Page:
Not all rejected applications would have gone bad. We knew this at the time we rejected them, we just knew that too few would stay good to compensate for those that did go bad. So while a segment of applications with a 15% probability of bad might be deemed too risky, 85% of them would still be good accounts. Using that knowledge we can reconsider the rejected applications in the data exercise.

· A base scoring model is built using data from the borrowers whose behavior is known – the previously approved book.
· Using the developed model, the rejected applications are scored and an estimation is made of the percentage of “bad” borrowers and that performance is assigned at random but in proportion across the rejected applications.
· The cut-off point should be set in accordance with the rules of the current lending policy that define the permissible level of bad borrowers.
· Information on the rejected and approved requests is merged and the resulting set is used to build the final scoring model.

Accept/ Reject Augmentation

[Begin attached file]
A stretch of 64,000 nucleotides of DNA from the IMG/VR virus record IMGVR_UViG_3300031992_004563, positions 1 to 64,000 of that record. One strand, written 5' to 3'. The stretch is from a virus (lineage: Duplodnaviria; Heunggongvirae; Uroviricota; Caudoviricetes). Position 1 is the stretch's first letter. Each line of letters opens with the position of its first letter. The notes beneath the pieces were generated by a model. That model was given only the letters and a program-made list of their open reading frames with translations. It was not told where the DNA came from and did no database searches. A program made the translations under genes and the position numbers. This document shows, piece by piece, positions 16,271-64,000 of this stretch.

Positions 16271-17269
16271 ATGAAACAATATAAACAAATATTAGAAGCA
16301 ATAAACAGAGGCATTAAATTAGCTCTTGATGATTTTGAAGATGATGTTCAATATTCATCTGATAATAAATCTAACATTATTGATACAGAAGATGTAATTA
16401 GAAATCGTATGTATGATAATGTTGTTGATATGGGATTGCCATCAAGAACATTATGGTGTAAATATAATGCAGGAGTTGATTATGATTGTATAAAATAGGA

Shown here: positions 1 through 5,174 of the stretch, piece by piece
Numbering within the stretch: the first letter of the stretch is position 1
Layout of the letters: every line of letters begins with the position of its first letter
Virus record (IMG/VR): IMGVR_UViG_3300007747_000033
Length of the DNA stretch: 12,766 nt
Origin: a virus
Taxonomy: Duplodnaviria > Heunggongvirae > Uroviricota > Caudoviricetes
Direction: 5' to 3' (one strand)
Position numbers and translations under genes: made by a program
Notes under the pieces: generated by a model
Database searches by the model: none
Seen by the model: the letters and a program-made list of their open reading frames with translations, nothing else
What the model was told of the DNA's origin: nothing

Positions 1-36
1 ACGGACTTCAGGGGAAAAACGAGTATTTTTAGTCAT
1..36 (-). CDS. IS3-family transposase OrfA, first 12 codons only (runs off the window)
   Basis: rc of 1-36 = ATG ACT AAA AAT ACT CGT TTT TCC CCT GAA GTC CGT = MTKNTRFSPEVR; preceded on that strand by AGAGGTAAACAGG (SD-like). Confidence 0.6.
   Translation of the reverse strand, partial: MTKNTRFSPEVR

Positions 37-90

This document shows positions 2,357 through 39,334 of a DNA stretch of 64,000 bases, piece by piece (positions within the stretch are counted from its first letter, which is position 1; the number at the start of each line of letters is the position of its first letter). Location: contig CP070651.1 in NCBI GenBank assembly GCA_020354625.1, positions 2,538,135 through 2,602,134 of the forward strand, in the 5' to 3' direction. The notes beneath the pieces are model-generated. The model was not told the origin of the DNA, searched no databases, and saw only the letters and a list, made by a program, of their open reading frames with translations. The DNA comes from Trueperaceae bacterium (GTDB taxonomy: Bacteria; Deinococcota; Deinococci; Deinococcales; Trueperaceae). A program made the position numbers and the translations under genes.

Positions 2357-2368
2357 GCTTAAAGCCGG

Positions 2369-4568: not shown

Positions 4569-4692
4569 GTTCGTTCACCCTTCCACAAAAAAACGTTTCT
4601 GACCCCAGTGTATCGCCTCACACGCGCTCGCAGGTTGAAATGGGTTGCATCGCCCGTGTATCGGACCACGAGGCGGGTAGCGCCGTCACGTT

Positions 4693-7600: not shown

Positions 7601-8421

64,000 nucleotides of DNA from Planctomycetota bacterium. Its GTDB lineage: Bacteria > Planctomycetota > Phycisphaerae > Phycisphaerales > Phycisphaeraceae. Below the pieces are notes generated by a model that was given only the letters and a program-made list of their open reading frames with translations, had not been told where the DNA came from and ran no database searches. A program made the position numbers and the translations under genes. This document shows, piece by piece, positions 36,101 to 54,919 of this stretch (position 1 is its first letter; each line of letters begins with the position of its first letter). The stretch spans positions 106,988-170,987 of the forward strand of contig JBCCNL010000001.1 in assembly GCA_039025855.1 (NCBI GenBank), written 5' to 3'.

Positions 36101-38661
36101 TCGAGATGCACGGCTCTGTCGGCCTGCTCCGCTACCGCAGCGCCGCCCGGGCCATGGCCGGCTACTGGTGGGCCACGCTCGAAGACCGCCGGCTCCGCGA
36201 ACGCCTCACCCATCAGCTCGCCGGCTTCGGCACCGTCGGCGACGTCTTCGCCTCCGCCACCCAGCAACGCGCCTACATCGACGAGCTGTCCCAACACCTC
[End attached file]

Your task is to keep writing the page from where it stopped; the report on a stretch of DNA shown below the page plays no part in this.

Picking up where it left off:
The basis of this method consists in the correction of the weights of the base scoring model by taking into consideration the likelihood of the request‘s approval.
· The first step is to build a model that evaluates the likelihood of a requests approval or rejection. · The weights of the characteristics are adjusted taking into consideration the likelihood of the request‘s approval or rejection, determined during the previous step. This is done so that the resulting scores are inversely proportional to the likelihood of the request‘s approval. So, for example, if the original approval rate was 50% in a certain cluster then each approved record is replicated to stand in for itself and the one that was rejected.